Kenyan influencers were paid to spread misinformation on Twitter during debates on two key Bills on reproductive health in the country.
This is according to a new research from the Mozilla Foundation indicating that influencers received between Sh1,000 and Sh1,500 to derail online debates over the Reproductive Healthcare Bill 2019, and the Assisted Reproductive Technology Bill 2019.
“The Twitter campaigns appear to have inauthentically promoted anti-choice sentiment and attacked politicians and activists advocating for gender rights,” states the report.
Section 9 of the Reproductive Healthcare Bill 2019, provides for the right to assisted reproduction through technology such as artificial insemination and in-vitro fertilisation.
If enacted, the Bill would also see the national and county governments establish facilities and resources to provide accessible and affordable assisted reproduction services.
“An assisted reproduction health care provider, shall, before commencing the provision of assisted reproduction treatment provide all concerned parties with the information necessary to enable them make an informed choice and give informed consent,” explains the Bill.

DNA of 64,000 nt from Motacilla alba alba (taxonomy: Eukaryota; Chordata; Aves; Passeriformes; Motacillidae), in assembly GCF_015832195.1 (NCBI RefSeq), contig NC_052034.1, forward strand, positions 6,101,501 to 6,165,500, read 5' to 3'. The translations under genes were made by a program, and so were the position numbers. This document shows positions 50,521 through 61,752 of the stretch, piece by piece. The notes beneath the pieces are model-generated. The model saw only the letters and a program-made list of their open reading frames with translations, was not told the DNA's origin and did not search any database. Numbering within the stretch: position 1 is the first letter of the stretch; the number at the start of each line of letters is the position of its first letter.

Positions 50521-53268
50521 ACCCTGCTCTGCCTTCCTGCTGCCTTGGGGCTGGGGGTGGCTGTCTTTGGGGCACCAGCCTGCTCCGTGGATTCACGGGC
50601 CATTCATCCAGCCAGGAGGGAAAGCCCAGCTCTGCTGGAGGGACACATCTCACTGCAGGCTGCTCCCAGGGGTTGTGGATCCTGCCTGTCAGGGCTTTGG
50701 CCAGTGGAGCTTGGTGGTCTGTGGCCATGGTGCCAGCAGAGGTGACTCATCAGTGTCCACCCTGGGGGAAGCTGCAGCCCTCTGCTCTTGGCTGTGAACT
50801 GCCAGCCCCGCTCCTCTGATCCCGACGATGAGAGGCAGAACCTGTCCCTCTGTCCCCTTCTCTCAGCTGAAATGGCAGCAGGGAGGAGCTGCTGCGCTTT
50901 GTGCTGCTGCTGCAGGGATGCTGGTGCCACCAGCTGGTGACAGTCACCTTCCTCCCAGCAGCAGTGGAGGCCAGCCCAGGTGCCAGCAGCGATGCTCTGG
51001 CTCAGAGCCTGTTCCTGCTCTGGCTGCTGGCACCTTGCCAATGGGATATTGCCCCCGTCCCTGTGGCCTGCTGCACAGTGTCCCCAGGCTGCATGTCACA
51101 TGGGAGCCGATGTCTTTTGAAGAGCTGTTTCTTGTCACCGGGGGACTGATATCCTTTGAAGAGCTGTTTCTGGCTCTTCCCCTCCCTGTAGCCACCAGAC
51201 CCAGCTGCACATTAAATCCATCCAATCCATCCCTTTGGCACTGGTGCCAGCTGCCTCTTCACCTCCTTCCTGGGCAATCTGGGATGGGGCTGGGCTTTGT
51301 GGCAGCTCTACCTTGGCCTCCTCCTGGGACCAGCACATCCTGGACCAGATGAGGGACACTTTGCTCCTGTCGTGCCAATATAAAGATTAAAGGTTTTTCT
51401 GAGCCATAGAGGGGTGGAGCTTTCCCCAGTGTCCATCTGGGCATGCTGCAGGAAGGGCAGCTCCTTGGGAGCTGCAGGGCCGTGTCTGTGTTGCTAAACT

The Bill also provides a legal backing for surrogacy, stipulating that surrogate mothers are eligible for compensation relating to the procedure, loss of earnings during the pregnancy and insurance cover.
Research by the Mozilla Foundation indicates that Spain-based organisation CitizenGO, which is reported to have links to far-right-wing groups sponsored and coordinated disinformation campaigns on Twitter that labelled the Reproductive Healthcare Bill 2019, as the “Abortion Bill”.
“The campaigns also made false and misleading claims around abortion, surrogacy, and other areas of reproductive health,” says the report.
The Reproduction Healthcare Bill 2019, indicates that a pregnancy may be terminated upon the opinion of a trained healthcare professional in cases of emergency, where the pregnancy endangers the life of a mother or if there exists a substantial risk that the foetus would suffer from a severe physical or mental abnormality that is incompatible with life outside the womb.
An official at the Mozzilla Foundation Odanga Madung, and the co-author of the report says the report is the latest to reveal how organisations across the globe exploit social media to manipulate crucial debates.
“The research reveals how a right-wing European organisation used Twitter to insert disinformation and inflammatory rhetoric into an important and nuanced regional conversation,” he said.
A similar report published in October last year revealed that digital influencers were paid to introduce propaganda and misinformation in a similar fashion during public debates online following the release of the Pandora Papers.
The Pandora Papers, published by the International Consortium of Investigative Journalists revealed that several world leaders including President Uhuru Kenyatta held assets in off-shore tax-havens.
Influencers promoted hashtags supporting the president and his possession of offshore assets, with some tweets spreading falsehoods.